Correct Setting: OFF
Default: 300Hz

This option cuts off a section of bandwidth on the lower 300hz of your signal. I’m not sure why Yaesu gave the option to do this, and why the default cuts of 300hz, but we want things wide open when using data, so we will set this to 0hz.

Correct Setting: OFF
Default: 3000Hz

The same as above. We don’t’ want our radio screwing with our signal on either end when using DATA modes. Only this time, you have to scroll clockwise to get to off within the menu

Correct Setting: REAR
Default Setting: REAR

The only other option is Microphone. Most of us are using the 6 Pin DIN Connector on the back of the radio to get data in and out. If you happen to be using the microphone connector for this purpose you’re a weirdo, but you can change that here.

Correct Setting: DAKY
Default: DAKY

This menu actually doesn’t matter, but it is required to be set to something. As explained in a prior option, DAKY uses pin 3 of the 6 pin DIN, which is not being used. So we select that option so as to not to cause any confusion, as Rig Control is used for PTT as opposed to DTR and RTY.

Correct Setting: 50
Default: 50

This is basically the “Volume Level” modifier of data in and out of the radio according to the advanced manual. 50 is a good balance, and most of the leveling will be handled via the software you use for our digital mode.

Correct Setting: USB
Default Setting: LSB

Most data transmissions and modes are done in upper sideband. If you have a special use case to ignore the band plan, you can change this to LSB for lower sideband.

Correct Setting: Whatever you Like
Default: 100

I put this here because the radio has 6 different power options, which is silly. Menu 16-03 will control your power output for data modes.

Correct Setting: 50
Default Setting: 50

When Option 08-09 is set to Rear (it is), this option sets the level of the AM Signal input. The default 50 is a good level, as again most of these will be adjusted in computer software anyways. this just sets a good median for the radio work work off of.

Setting the Width

Now the last important setting actually lives outside of the standard menu.
When looking at your radios main display, (with the frequency showing), press the “F” fucntion key on the bottom left to bring up the quick menu. From here we are lookign for the “WDH” setting.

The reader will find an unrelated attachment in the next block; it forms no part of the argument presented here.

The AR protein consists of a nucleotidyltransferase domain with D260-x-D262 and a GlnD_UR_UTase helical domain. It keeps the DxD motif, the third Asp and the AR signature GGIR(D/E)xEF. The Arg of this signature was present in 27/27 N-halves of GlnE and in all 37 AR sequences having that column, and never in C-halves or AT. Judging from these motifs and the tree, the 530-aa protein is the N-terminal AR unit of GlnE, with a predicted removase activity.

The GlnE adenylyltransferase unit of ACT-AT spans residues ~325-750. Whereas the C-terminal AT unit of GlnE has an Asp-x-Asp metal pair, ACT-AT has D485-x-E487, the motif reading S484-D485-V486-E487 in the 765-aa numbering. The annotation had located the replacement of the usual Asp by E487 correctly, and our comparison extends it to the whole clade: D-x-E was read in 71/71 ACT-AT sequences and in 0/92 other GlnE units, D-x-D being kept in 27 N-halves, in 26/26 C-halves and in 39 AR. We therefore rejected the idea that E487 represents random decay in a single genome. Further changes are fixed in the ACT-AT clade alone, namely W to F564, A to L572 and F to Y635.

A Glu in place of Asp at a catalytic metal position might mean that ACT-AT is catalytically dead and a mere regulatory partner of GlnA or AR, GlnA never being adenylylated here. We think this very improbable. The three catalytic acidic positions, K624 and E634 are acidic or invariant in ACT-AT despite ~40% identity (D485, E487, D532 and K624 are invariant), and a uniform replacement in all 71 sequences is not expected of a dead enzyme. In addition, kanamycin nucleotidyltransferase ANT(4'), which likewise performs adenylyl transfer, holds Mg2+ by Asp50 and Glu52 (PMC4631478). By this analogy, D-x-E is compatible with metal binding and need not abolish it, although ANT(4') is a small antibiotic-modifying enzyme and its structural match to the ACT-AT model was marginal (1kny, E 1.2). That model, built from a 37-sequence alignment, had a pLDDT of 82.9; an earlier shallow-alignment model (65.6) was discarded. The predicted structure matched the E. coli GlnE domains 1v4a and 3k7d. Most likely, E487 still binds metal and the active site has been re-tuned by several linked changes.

From here, rotate the bottom left knob to WDH, and press it in to select it. You want to now rotate the bottom left knob clockwise until it is maxed out at 3200Hz. Remember to check this setting again ocne you are using your software, as sometimes it gets changed using Rig control.


That takes care of the radio side of your digital settings. Again i made this because of the debate on the internet about what is “right”. I don’t want this to be another piece of misinformation, so if you see something wrong here, let me know below. I will fix it so long as you have a good source that contradicts what I’ve said.

Part 2 (Moving to the computer) will be out soon.

Consider Subscribing!

Signup for our once a month newsletter!

We don’t spam! Read our privacy policy for more info.

3 thoughts on “FT-891 – The Ultimate Digital Settings Menu Guide for Digital Modes

    • Author gravatar

      Great article! The explanation for each menu setting makes this FT-891 digital setup list above all others. The “Width” setting in this article was the missing component in my setup. I’m very grateful.

    • Author gravatar

      I’ve got an 891 coming and this is the most common sense/logical write up I’ve found so far that discusses settings for digital.

      I suspect it’s saved me a few headaches already.


    • Author gravatar

      Like Perry and Tony’s comments above, I found this to be THE INFORMATION i needed.
      Although other searches presented recommended settings, some of which also appear here, it was really the WHY’s explainations for each setting that made things come together for me.

      and 73’s

Leave a Reply

Your email address will not be published. Required fields are marked *